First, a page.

Tag Archives: First Fidelity Bank in Arizona

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Finance tips for Arizona’s young married couples

According to a survey conducted by The American Institute of CPAs, financial matters are among one of the largest issues creating conflict among young American couples. Financial values need to be addressed between young couples, before and after they say their vows. So, when discussing a dream vacation and envisioning the perfect home, why not include a life of financial harmony to the plan?

“Good financial habits can take root early on in a relationship and become a part of everyday life,” said Kevin Sellers, executive vice president of First Fidelity Bank in Arizona. “Financial choices need to be a team effort. Monetary decisions affect current and long-term goals, so it’s important that young couples begin their financial journey in the right direction.”

First Fidelity Bank is offering financial first steps for new Arizona couples as they begin their walk of life together.

Consider establishing a joint checking account. Merging two bank accounts into one can be a savvy decision for married couples. Having a joint bank account allows for transparency and equal access to the account. Joint checking provides a simplistic way to handle shared funds.

Make a budget. Often times there is a more natural “spender” and a “saver” in a relationship. Before these roles are determined in your own relationship, create and follow a spending plan. Tools, like FFB’s Home Budget Analysis help you set realistic budgets for common home maintenance needs and assess where your money is being spent.

Save and invest. Saving is a crucial piece of the financial puzzle for couples. Together, prioritize your future goals or establish a “wish-list” and keep a separate savings account to achieve these goals. Investing as a new couple now can pay off in the future. Low-risk savings vehicles like mutual funds and IRAs offer great ways to get started on long-term investing and help to build a habit of putting away money for the future.

Pay off debt and loans quickly. Working toward a new home or automobile are common priorities for young couples. But, before signing on the dotted line, make sure to investigate which loan and mortgage options work best for you both. In the current economic climate and with student loan debts increasing, it is common for young people commonly enter a relationship with debt. However, this does not mean a new couple must stay in debt or refrain from enjoying leisure activities. New couples should work on paying off debt together, focusing primarily on payments with the highest interest rates to start.

Talk about finances. New couples should be open and honest when discussing their finances. Just like other values and opinions, thoughts and concerns about finance are an important factor to communicate with your partner.

A Guide to Applying for a Bank Loan

Are Arizona banks lending?

Are they or aren’t they?

Banks can only stay in business by making loans, not turning away customers who want to borrow money. So why does the public believe that banks aren’t lending?

“The truth of the matter is that when things were really bad a few years ago, banks weren’t lending,” said Robert Sarver, CEO of Western Alliance Bancorporation. “The banking business, not unlike other businesses, tend to react and overreact and sometime we react too much when times are good and we lend too much money on too liberal terms, and when times are tough, we don’t lend enough money and are too conservative.”

Banks are a business — a unique kind of business — that is under significant pressure to make a profit like any other like any other business. A typical bank, in healthy years, should earn a return on assets (ROA) of 1.1 percent to 1.5 percent. That translates into an return on equity (ROE), because of leverage, of anywhere between 8 percent and 18 percent, similar to most other businesses.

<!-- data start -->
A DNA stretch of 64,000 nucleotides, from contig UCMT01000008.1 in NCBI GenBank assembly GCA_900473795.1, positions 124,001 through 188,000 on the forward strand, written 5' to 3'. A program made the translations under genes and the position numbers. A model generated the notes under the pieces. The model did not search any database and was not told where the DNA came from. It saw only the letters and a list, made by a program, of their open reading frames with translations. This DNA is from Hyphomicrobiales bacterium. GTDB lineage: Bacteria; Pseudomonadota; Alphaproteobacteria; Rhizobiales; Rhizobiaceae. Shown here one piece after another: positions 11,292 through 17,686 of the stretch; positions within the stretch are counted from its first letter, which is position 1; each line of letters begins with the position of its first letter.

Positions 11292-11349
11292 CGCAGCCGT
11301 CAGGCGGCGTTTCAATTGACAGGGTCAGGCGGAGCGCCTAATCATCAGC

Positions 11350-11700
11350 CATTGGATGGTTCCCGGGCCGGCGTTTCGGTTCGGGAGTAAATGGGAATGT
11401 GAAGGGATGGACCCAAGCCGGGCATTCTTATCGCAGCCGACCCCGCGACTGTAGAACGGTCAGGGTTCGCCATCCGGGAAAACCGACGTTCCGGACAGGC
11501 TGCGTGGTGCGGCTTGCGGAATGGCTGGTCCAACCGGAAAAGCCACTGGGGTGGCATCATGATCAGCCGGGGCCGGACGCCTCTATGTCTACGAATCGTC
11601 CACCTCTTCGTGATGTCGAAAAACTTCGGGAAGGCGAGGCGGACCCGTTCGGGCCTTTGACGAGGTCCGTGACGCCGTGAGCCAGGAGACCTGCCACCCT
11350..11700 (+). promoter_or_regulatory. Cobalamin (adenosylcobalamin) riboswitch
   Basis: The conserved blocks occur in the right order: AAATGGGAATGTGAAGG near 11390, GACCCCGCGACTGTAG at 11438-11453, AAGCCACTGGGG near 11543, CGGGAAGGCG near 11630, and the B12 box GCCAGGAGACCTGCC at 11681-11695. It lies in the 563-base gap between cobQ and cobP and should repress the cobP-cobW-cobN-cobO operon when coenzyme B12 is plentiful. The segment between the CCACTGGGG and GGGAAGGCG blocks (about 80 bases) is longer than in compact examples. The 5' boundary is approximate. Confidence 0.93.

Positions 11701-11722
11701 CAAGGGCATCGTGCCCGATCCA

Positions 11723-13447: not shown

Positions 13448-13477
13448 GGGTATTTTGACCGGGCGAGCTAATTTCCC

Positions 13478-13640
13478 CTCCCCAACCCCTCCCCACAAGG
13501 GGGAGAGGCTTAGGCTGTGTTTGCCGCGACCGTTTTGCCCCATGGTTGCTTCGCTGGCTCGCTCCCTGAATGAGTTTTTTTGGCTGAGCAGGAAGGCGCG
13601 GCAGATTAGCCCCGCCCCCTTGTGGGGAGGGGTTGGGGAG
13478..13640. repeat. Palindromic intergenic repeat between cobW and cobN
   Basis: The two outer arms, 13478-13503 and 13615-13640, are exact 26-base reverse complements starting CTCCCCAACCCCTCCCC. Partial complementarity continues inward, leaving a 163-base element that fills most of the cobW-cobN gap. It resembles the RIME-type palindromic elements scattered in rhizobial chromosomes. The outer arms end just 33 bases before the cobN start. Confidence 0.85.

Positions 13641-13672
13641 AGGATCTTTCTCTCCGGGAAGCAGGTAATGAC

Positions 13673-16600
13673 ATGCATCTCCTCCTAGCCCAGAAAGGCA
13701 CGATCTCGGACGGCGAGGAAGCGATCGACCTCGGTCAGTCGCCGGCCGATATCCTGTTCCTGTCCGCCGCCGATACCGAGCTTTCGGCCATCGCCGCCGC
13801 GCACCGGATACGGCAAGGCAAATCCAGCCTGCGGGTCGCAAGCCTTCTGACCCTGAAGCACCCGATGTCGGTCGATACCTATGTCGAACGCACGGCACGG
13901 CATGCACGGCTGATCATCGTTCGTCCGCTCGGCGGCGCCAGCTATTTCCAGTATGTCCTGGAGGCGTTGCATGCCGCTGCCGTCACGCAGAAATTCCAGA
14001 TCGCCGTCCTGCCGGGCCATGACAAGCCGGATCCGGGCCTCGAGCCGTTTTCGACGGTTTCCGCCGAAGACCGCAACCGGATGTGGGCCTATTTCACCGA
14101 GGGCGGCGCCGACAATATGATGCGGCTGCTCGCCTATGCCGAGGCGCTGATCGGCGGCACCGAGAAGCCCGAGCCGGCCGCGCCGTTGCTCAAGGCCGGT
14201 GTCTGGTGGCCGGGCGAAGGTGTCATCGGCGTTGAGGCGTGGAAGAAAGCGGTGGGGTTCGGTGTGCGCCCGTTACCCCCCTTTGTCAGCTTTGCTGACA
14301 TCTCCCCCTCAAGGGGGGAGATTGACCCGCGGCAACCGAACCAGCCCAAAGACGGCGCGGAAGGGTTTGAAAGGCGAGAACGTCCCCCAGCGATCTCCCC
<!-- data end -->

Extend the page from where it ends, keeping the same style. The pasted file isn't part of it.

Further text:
A bank makes its money by investing deposits into either securities or loans, both of which earn a return. Typically, loans earn more than securities and both earn more than what banks pay out to depositors. Although loans earn more, they come with a credit loss rate that a securities portfolio generally does not have. In 2009, in the depths of the economic crisis, a typical bank had a loan loss rate of 1.73 percent on its loan portfolio, which ate into the profitability of the bank. So what does a bank to do when it incurs such high loss rates in its loan portfolio? It invests in fewer loans.

But that is changing. Banks have increased their lending for four of the last five quarters, but Federal Deposit Insurance Corporation (FDIC) acting chairman Martin Gruenberg, is still taking a ”wait and see if the trend toward increased lending can be sustained” approach.

“Banks are lending today, and most banks have excess liquidity that they would prefer to put out in loans,” said Keith Maio, president and Chief Executive Officer of National Bank of Arizona. “Those that feel that banks aren’t lending are likely those who have had their credit compromised in recent years. Loan demand is down from consumers and businesses particularly, since the recession. The recession has caused many personal borrowers to be more conservative in their approach to leverage. Businesses tend to increase borrowing when their revenues are increasing and they need to finance that growth.”

Sarver said that banks do want to lend, “but unfortunately there is a lot of regulation in our industry, which to a certain degree has stifled long-term growth because our capital requirements have almost doubled over the last five years, so that’s been another barrier to banks lending money.”

As an outgrowth of those regulatory changes, lending standards have tightened in certain consumer loan categories like mortgages, experts said. But while mortgage rules have changed, lending standards for business haven’t seen dramatic shifts.

“Commercial lending standards for owner-occupied real estate and commercial and industrial loans have not changed much,” said Kevin Sellers, executive vice president with First Fidelity Bank in Arizona. “For investment property loans, banks are requiring owners to maintain more equity capital in the properties and higher net operating income relative to the property debt service.”

According to Adam White, senior vice president of credit administration at Biltmore Bank of Arizona, bankers have always used the “Five C’s of Credit” to determine if a business is credit worthy.  Those included:
1. Cash flow – history of positive cash flows and probability of recurring